Bunions are painful limps that occur on the side of feet and influence how one walks. On medical terms, ‘hallux valgus’ describes the big toe turning towards the rest of the toes on the foot. When the big toe is pushed against the second toe, the first metatarsal bone is pushed to the side, causing it to stick out and rub against the shoe.
Discomfort, pain at the joint, and the toe’s inflammation push affected individuals to seek self-help therapy such as custom made shoes, use foot padding, or apply ice to the affected area.
Non-surgical treatment options.
Before resorting to surgery, patients with bunions should wear comfortable footwear and avoid shoes that squeeze the toes together. One can seek the help of a podiatrist who will recommend specifically molded shoes.
Additionally, patients can protect their feet from injury by buying pads from a podiatrist or a pharmacy. Pain medications like ibuprofen and paracetamol can help alleviate the swelling and pain from a hallux valgus.
Patients often wonder when is the most suitable time to consider bunion surgery since most medical experts state that the risks might outweigh the benefits in cases where one seeks cosmetic reasons.
The distinction of bunion from diseases that cause foot problems such as arthritis and diabetes assists one avoid developing life-threatening conditions or permanent damage to their foot. Here are some of the circumstances that might warrant a bunion removal surgical procedure.
Patients with severe bunions report very high and restrictive pain. Pain from a bunion might occur due to squeezing while wearing shoes or friction from walking that causes sore development. When a bunion becomes very large, it can cause pain due to sporadic or continuous throbbing.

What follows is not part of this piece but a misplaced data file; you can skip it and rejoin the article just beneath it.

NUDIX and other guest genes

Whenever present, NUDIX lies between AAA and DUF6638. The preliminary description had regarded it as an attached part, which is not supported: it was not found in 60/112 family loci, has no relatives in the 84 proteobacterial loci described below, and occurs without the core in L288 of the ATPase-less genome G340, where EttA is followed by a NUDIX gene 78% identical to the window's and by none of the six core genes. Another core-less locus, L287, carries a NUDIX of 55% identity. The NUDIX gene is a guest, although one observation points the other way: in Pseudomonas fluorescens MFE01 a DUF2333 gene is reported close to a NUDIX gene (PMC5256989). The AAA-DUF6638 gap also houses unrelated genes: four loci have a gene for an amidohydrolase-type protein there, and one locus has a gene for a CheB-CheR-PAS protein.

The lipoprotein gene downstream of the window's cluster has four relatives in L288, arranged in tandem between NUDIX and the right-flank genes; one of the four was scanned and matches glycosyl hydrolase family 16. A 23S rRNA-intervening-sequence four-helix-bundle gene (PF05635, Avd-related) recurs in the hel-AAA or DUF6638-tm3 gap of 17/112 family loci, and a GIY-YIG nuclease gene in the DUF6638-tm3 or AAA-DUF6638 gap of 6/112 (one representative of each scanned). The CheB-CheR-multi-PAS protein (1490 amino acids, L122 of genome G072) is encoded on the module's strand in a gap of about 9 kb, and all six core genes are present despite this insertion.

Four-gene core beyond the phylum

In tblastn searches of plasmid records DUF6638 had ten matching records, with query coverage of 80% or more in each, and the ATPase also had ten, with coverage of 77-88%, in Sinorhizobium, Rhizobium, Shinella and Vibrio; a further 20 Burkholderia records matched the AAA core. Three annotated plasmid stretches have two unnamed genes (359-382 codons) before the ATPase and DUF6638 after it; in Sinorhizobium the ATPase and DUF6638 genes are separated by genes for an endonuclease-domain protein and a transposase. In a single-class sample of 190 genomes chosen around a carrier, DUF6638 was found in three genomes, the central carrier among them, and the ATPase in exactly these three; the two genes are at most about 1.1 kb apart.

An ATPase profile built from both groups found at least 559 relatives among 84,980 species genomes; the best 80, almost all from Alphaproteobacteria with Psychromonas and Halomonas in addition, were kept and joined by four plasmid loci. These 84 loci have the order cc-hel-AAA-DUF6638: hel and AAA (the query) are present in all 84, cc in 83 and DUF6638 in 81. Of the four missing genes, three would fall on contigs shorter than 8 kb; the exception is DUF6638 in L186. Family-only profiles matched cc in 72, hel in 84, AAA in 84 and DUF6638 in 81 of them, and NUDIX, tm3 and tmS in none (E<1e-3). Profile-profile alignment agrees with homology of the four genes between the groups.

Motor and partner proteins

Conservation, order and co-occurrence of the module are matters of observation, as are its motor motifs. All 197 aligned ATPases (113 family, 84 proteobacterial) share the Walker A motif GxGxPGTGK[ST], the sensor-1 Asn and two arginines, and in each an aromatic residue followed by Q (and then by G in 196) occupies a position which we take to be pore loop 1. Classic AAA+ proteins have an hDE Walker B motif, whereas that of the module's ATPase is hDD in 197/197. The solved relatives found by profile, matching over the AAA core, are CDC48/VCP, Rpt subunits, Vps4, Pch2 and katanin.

Furthermore, a hallux valgus might result in pain and weak arches due to improper weight distribution on a foot’s particular areas. Therefore, when the pain or swelling is persistent, undergoing a bunion surgery might be the best option to alleviate these symptoms.
Inability to find or wear shoes.
The size of a bunion affects the type of footwear an individual can wear. When looking for shoes, patients seek footwear that provides comfort, do not squeeze the bunions, and fit the foot correctly.
Bunions make it challenging to find shoes since it changes the shoes’ shape, making it impracticable to donate or resell. Therefore, patients that do not find a shoe that will fit their bunion-affected foot will resort to the removal through surgery.
Bunions can affect an individual’s quality of life and limit their ability to walk, swim, jog, or run. Large bunions can limit the movement of feet, making it difficult to achieve full capacity when carrying out the mentioned activities.
Furthermore, weight on the bunion for extended periods promote a slow onset of crippling even when the patient wears comfortable shoes. Therefore, unbearable discomfort or difficulty after considering non-surgical treatment options calls for removing the bunion through surgery.
When the symptoms of a bunion get worse, patients should consider undergoing surgery to avoid detrimental effects. One sign of worsening of a bunion is crowding, which describes a situation where the other toes apart from the big toe are pushed by the second toe. Such a situation affects the distribution of weight, arch strength, foot shape, and the ability to do specific activities.